Prague Travel Information

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The Czech Republic lies at the heart of Central Europe and at its centre is the beautiful and historic city of Prague. With a population of some 1.3 million residents, the city lies on either side of the Vltava River in the middle of Bohemia which is one of the three historic Czech territories - the others being Moravia and Silesia. The city has seven 'Chapter Divisions' or districts.

North and Western Suburbs

This is mainly an area of residential buildings and parkland, containing Prague's largest park - Stromovka. The park was originally a hunting ground and is now home to many attractions including the Vystaviste Exhibition Grounds, the Prumyslovy Palace, the Planetarium, the Lapidarium and 'Detsky Svet' a large funfair.

A walk to the west of the park, brings the visitor to the Summer Palace - a neo-Gothic building (begun in 1805) where the National Museum stores some of its treasures.

To the south of Stromovka lies the Letna parkland. A walk south brings one to a plateau overlooking the main city and river. Here you will see a large metronome which replaced the monument to Stalin - the largest in the world which was destroyed on the orders of Krushchev in 1962. Other places of interest are the Technical Museum and Museum of Modern Art, whilst walks through the residential areas will expose you to many styles of architecture.


Situated on the hill overlooking Prague, Hradcany is made up of Prague Castle, St Vitus' Cathedral and the Strahov Monastery ' places which are all steeped in history. The Museum of Military History, the Royal Gardens and the Toy Museum are also nearby.

St Vitus' Cathedral was commissioned by Charles IV (1316-1378) and its foundation was laid in 1344. However, work on it went on for 600 years before being finalised in 1929, meaning the architecture is from many different periods and in different styles. Attractions inside include the Crown Jewels, the crypt and the South Tower. The Strahov Monastery was founded in 1140 by the Premonstratensian Order although its present day baroque appearance dates from the late seventeenth and eighteenth centuries.

Mala Strana

Covering the area just below Hradcany and bordering the river, Mala Strana is just across Charles Bridge from the main city. Now home to many foreign embassies occupying a number of buildings built by the Catholic nobility, the area is full of palaces, gardens and baroque churches, including the Church of St Nicholas (Sv Mikulas). Open daily, this is an example of Prague baroque architecture - it was built between 1702 and 1753 by Christoph Dientzenhofer and later also by his son. Frequent concerts and recitals (both at lunchtime and in the evenings) are held here, featuring the works of Mozart.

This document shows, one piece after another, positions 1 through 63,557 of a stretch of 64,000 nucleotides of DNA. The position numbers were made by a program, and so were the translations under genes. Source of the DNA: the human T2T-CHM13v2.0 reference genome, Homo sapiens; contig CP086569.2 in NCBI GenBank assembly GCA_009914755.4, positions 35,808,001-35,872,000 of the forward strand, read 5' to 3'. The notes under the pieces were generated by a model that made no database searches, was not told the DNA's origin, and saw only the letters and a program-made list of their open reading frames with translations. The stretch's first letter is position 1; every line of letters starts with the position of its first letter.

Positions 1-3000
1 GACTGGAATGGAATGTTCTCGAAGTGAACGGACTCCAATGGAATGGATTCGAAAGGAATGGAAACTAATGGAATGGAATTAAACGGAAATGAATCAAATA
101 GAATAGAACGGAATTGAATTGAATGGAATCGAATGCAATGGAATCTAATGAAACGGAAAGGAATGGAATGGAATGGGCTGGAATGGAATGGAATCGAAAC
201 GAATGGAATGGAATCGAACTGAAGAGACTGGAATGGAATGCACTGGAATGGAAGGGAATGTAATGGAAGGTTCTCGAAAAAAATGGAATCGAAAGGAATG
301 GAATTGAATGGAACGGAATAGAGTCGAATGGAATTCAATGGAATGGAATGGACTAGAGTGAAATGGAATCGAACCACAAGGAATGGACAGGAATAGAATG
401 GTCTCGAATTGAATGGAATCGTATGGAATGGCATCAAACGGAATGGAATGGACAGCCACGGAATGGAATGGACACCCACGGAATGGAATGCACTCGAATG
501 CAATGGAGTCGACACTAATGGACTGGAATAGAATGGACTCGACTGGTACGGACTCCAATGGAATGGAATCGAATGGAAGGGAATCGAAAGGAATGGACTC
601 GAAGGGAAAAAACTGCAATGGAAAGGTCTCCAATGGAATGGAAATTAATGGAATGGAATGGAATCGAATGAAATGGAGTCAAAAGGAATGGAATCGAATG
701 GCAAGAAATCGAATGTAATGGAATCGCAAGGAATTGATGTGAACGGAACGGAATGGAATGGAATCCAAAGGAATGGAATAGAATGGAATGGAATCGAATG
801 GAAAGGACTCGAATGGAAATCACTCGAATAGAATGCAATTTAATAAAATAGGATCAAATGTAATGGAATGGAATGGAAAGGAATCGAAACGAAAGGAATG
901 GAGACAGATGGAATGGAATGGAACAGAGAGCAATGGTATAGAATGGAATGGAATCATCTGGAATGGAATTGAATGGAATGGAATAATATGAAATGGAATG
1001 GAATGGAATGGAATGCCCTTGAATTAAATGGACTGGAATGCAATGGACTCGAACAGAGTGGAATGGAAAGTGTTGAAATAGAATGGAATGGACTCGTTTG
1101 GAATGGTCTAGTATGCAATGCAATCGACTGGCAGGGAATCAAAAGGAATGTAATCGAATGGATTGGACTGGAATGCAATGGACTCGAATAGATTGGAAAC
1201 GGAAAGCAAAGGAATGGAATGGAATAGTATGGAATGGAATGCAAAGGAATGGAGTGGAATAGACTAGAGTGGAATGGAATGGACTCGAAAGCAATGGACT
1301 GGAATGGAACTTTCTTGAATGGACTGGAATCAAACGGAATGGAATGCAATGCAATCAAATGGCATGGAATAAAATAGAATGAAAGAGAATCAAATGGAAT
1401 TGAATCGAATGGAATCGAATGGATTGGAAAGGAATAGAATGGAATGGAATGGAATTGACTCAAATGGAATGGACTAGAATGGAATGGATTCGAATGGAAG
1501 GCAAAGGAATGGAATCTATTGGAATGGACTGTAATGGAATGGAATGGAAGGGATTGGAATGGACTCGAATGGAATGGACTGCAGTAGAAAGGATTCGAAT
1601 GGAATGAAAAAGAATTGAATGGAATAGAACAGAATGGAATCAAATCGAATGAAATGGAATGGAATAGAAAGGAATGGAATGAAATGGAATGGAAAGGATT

Other buildings of interest include the Czech National Assembly, the Lichtenstein Palace, the Smiricky Palace and Petrin Hill to the west.


Prague's Jewish Quarter can be reached by a short walk from Wenceslas Square or by taking the metro to Staromestska, Line A.

Dating back to at least the thirteenth century, the area is rich in history. Places to visit include the Jewish Cemetery, its five synagogoues, the Jewish State Museum and the Jewish Town Hall with its Hebrew clock dating from the fifteenth century. The narrow cobbled streets lend the area a unique atmosphere, especially at night. The Kafka Museum is located on the border of Josefov and Stare Mesto.

Stare Mesto

Prague's Old Town is centred around Old Town Square, the Huss monument and the Old Town clocktower featuring its astronomical clock dating back to the fifteenth century. The Old Town Hall is open daily. It is only a short walk away from Wenceslas Square.

There are several churches here including the Church of Our Lady Before Tyn, as well as courtyards and numerous caf├ęs, bars and restaurants catering for every taste.

Nove Mesto

This is Prague's main commercial and business district. It is based around Wenceslas Square at the top of which is the National Museum and the two main commercial streets - Na Prikope and Narodni. Running from these streets are many smaller streets and courtyards - some of which are being transformed into modern shopping malls - and hotels, bars and restaurants abound.

Walking along Legerova or Ke Karlovu (where you will find the Dvorak Museum) will bring you to the Police Museum from where you could take a walk along the top of the Botic Valley towards the river.

Vysehrad and the Eastern Suburbs

Centred upon the ancient rocky fortress of Vysehrad (the Republic's most revered landmark) and containing the Vysehrad Cemetery, a Romanesque rotunda and the Gothic church of St Peter and Paul, this area stretches to the working class suburbs of Zizkov. It is home to the TV Tower (from which you can enjoy panoramic views of Prague) and the ancient Zizkov Hill atop which stands a statue of Jan Zizka (a fifteenth-century army general) and the mausoleum in which the remains of the three Communist presidents of the Republic and the Tomb of the Unknown Soldier can be found. The suburb of Vinohrady contains Prague's most modern church - the Most Sacred Heart of Our Lord - which was built in 1928.